- A cooling towel on her neck
- A spray fan
- Always wear a hat
“I look a little unrecognizable in rehearsals, but its worth it,” Lydia says.
Lydia also says it’s super important to keep your voice — and your whole body — healthy. Her mom, Ruby, helps her by making sure she gets plenty of sleep (black out curtains are a big help for sleeping in after a late rehearsal) and vitamins.
Acting the part
Although Lydia’s long, blond hair is a far cry from the tight red coils that usually belong to her on-stage counterpart, (yes, she uses a wig) it seems Annie and Lydia have some other things in common. A general lack of knowledge when it comes to sports, for starters.
Laughing, Lydia and her mom, Ruby, recall the time when Lydia’s fifth grade teacher asked her if she knew anything about the Super Bowl. Lydia’s response was that it had something to do with soccer.
It turns out Annie doesn’t have much mental space for sports either. During one scene with Oliver Warbucks, he asks her if she’d like to meet Babe Ruth. Annie’s line is one that Lydia says she echoed in real life when she asks, “Who is Babe Ruth?”
Don’t worry, she’s figured it out now.
In real life, Lydia would much rather read about Harry Potter than anything to do with sports. But she loves rock climbing with her dad. She also loves to bake —
chocolate chip cookies are her favorite and she thinks she’s finally found the perfect version.
She’s a student at Crimson Cliffs Middle School and has been able to work her schedule so that some of her work is through Utah Online School and some is in person. That way she has half a day off every other day, perfect for rehearsals or catching up on some much needed R&R.
Though she doesn’t really want too much relaxing; she’d rather be at Tuacahn working.
For her, Tuacahn is like a second home — an emotional truth she shared with Hyrum Smith when he attended his last Tuacahn production in 2019.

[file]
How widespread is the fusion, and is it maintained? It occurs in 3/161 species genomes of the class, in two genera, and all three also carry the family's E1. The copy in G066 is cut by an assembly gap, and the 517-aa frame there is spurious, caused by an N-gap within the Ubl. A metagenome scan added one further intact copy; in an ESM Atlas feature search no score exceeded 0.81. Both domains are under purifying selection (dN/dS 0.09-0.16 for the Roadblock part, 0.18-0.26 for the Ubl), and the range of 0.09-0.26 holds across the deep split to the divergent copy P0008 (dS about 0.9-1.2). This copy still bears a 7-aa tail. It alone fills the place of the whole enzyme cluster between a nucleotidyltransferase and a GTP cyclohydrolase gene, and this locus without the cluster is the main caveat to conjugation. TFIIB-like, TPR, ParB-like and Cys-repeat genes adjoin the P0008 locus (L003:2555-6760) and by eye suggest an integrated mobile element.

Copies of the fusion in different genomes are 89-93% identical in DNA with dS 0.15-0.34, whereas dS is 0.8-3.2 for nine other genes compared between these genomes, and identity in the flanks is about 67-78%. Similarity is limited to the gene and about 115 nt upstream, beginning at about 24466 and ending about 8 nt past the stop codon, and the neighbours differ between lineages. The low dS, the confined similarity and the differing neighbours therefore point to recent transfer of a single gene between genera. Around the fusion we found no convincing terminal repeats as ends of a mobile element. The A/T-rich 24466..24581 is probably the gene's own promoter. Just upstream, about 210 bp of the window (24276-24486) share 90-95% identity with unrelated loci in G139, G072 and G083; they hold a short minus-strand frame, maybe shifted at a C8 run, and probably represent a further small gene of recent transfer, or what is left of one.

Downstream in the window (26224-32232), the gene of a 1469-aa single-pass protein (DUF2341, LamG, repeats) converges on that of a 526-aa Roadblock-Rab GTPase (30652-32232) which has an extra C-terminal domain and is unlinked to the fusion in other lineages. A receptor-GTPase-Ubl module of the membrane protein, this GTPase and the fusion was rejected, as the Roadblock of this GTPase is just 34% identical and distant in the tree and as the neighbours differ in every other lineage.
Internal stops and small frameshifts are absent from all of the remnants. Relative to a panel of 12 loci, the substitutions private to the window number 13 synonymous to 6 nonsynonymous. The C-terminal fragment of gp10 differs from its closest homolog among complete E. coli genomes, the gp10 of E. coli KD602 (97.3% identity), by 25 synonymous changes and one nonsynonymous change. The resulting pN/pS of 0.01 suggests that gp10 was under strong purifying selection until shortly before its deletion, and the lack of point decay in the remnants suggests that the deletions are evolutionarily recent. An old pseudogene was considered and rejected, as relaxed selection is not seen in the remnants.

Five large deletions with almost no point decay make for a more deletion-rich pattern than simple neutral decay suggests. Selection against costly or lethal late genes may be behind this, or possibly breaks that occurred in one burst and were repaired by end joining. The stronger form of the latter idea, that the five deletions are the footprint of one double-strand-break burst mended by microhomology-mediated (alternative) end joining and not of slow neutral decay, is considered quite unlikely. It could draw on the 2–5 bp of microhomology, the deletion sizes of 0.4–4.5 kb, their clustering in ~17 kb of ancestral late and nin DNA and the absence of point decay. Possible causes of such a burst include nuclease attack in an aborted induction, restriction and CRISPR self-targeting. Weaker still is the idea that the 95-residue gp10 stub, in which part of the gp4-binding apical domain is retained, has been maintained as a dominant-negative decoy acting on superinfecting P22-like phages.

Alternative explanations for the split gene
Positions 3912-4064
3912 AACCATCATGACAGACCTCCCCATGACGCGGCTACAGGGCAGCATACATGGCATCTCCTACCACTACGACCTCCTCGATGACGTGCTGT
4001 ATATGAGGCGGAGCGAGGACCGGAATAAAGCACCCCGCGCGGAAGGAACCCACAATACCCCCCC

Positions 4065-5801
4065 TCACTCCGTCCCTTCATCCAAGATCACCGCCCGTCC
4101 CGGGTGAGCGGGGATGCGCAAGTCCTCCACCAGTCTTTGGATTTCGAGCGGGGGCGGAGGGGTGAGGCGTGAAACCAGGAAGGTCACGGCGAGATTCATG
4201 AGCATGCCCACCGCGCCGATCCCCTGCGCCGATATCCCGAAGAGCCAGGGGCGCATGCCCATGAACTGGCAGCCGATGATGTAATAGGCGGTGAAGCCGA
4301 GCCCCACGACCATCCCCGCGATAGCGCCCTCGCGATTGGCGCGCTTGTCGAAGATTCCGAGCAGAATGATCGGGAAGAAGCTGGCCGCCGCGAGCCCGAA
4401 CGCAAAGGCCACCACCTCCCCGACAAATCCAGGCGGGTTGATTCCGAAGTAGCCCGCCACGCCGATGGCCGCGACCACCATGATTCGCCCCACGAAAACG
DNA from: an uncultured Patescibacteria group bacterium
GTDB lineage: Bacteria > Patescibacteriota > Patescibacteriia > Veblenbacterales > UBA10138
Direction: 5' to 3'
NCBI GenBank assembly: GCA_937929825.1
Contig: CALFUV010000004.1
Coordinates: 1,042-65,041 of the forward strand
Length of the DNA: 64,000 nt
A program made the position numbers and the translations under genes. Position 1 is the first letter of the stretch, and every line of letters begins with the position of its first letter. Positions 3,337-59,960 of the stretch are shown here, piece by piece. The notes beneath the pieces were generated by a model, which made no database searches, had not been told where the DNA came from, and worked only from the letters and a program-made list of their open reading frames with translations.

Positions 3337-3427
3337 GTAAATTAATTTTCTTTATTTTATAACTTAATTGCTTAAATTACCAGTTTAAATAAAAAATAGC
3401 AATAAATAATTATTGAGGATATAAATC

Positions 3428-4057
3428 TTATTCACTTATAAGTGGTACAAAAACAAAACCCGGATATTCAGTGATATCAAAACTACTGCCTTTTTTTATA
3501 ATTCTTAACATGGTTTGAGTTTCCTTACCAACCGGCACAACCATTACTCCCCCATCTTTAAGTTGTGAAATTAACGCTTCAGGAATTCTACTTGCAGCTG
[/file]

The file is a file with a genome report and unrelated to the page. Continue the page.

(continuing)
“That was really special,” Lydia says, momentarily trailing off to consider the memory.
Lydia’s mom agrees that Tuacahn has been such a blessing, not only for Lydia, but for her daughter Penny who will perform in Tuacahn’s School of Rock this summer alongside Lydia.
For logistical and personal reasons, Ruby says they don’t have the girls audition outside of the area right now. So the opportunity to perform professionally at Tuacahn has been the perfect situation.
Like most 14-year-olds, Lydia has a lot of dreams. And even though she’s living some of them right now, she has plenty of ideas about the future.
Dream roles, for example.
“I would love to play ANY role in Wicked,” she says. (You hear that, Broadway?)
She would also love to play Mary in The Secret Garden and as an adult she wants to play Miss Honey in Matilda the Musical.
“Having done the Matilda role, I would love to get to feel what Miss Honey was feeling,” she says.
As for a career on the stage, for now, Lydia’s not sure. She loves, loves, loves it, of course. But she is also interested in her dad’s line of work as a civil engineer. She would still like to perform in New York City one day. In fact, she would like to GO to New York City one day. She’s never been.
“Me and my dad want to go really bad,” she says. “It would be a dream come true!”
Maybe when things calm down post-pandemic.
For now, Lydia is loving her life and just can’t wait for everyone to see this year’s production of Annie.
Tickets to Annie are on sale now at the Tuacahn box office. The show runs May 14 through July 10.